Ontario's police watchdog says no charges are warranted in the January 2019 death of an Indigenous man shot and killed by two Ottawa Police Service constables.
Greg Ritchie, 30, was fatally shot on the morning of Jan. 31, 2019, in the parking lot of the Elmvale Acres Shopping Mall.
Police were investigating what they called a "suspicious incident" in the area when they came across Ritchie, a member of the Saugeen First Nation near Owen Sound, Ont.
Audio from Broadcastify, an online service that provides access to emergency dispatch calls, indicated a man dressed in black and wearing a baseball hat with the word "Dope" on it had been seen walking into the mall holding a knife in his hand.
After an encounter with the two police officers — later identified as constables Thanh Tran and Daniel Vincelette — Ritchie was shot three times and was pronounced dead in hospital.
His family later told CBC News he'd struggled with mental illness from a young age and was heading to a pharmacy to pick up medication when the altercation happened.
At least 9 shots fired
According to the report released Friday by Ontario's Special Investigations Unit (SIU), when the officers encountered Ritchie, he was carrying a 40-centimetre-long stick with a rock attached to one end.
Ritchie had "taken to crafting and selling these items, cultural artifacts born of his Indigenous heritage," said the report from SIU director Joseph Martino.
After one of the two constables tried to talk to him, Ritchie "grew frustrated" and began to threaten the officer. When the second officer approached him, Ritchie moved toward him, stick in hand — prompting the second officer to fire his Taser twice, the report said.
The shots failed to halt Ritchie, Martino wrote. He then turned his attention to the first officer, raised the stick above his head and swung it at him.
The first officer fired "two, and possibly three" shots at Ritchie, the report said, while the second officer fired "seven, and possibly eight" times.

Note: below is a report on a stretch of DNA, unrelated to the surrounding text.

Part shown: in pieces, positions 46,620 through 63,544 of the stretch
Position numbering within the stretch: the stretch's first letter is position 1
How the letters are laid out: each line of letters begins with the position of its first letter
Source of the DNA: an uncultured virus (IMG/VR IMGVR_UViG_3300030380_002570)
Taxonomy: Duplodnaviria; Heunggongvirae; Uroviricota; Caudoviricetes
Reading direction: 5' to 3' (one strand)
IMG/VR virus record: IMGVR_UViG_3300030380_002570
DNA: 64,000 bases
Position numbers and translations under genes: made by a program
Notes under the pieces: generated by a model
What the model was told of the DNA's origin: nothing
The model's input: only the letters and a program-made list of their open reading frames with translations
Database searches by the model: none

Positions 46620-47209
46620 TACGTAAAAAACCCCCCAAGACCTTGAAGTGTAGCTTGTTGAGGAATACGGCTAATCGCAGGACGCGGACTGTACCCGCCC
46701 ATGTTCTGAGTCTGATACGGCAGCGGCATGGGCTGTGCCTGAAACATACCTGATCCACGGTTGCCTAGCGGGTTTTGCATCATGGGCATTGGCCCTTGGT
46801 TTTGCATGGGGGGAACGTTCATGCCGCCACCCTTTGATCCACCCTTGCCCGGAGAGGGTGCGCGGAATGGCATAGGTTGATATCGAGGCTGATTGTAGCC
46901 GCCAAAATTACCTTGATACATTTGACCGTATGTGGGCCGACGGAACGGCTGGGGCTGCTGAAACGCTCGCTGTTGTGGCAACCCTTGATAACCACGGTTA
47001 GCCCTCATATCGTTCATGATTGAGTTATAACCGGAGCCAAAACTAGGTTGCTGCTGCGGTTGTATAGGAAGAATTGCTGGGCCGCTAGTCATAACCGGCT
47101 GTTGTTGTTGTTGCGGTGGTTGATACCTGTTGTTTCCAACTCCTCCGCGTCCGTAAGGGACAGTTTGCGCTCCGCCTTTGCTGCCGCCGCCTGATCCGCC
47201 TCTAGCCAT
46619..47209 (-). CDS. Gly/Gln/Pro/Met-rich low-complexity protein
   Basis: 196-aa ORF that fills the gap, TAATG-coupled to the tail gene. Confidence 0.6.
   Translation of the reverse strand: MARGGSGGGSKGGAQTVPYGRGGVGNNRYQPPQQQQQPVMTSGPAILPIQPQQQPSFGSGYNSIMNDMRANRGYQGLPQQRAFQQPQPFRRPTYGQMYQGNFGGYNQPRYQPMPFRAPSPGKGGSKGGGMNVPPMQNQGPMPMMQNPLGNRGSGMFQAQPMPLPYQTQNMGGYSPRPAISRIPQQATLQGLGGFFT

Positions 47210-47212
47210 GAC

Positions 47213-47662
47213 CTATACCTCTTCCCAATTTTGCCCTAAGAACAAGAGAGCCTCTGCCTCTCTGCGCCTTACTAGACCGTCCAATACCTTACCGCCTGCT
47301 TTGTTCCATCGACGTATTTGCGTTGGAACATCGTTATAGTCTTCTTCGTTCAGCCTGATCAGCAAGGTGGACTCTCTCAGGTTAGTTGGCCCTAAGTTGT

Ritchie was hit by three bullets, handcuffed, and taken by paramedics to hospital, where he succumbed to his injuries. A post-mortem examination determined the cause of death was a gunshot wound to the chest, the report said.
A few days after his death, Ottawa residents gathered outside the police force's Elgin Street headquarters and held a spirit walk to honour Ritchie, described by family members as a gentle man proud of his Ojibway heritage.
His brother, Nicholas, called for better mental health training for police officers.
'Reasonably necessary force'
In his report, Martino concluded the two officers used "reasonably necessary force" when they chose to fire their guns at Ritchie, given he was swinging an object they'd been told may have been an axe or a knife.
"One can reasonably infer that the officers would have perceived the object as capable of inflicting serious harm and possibly even death," wrote Martino in his report.
"Indeed, [Ritchie] certainly appears to have intended to use it as an object capable of significant harm when he swung it at [the first officer] at close range."
The two officers also "did what they could" to resolve the matter without things turning deadly, Martino noted, first attempting to speak with Ritchie and then attempting to halt his progress with a Taser.
Given the encounter took place in a mall parking lot, they were "duty bound" to ensure public safety, Martino said.
Martino's report does not identify which officer was Vincelette and which officer was Tran. Neither provided their notes, the report said, nor did they agree to be interviewed as part of the investigation, which is their legal right.
The SIU is an independent agency that investigates incidents involving police where someone is sexually assaulted, injured or killed.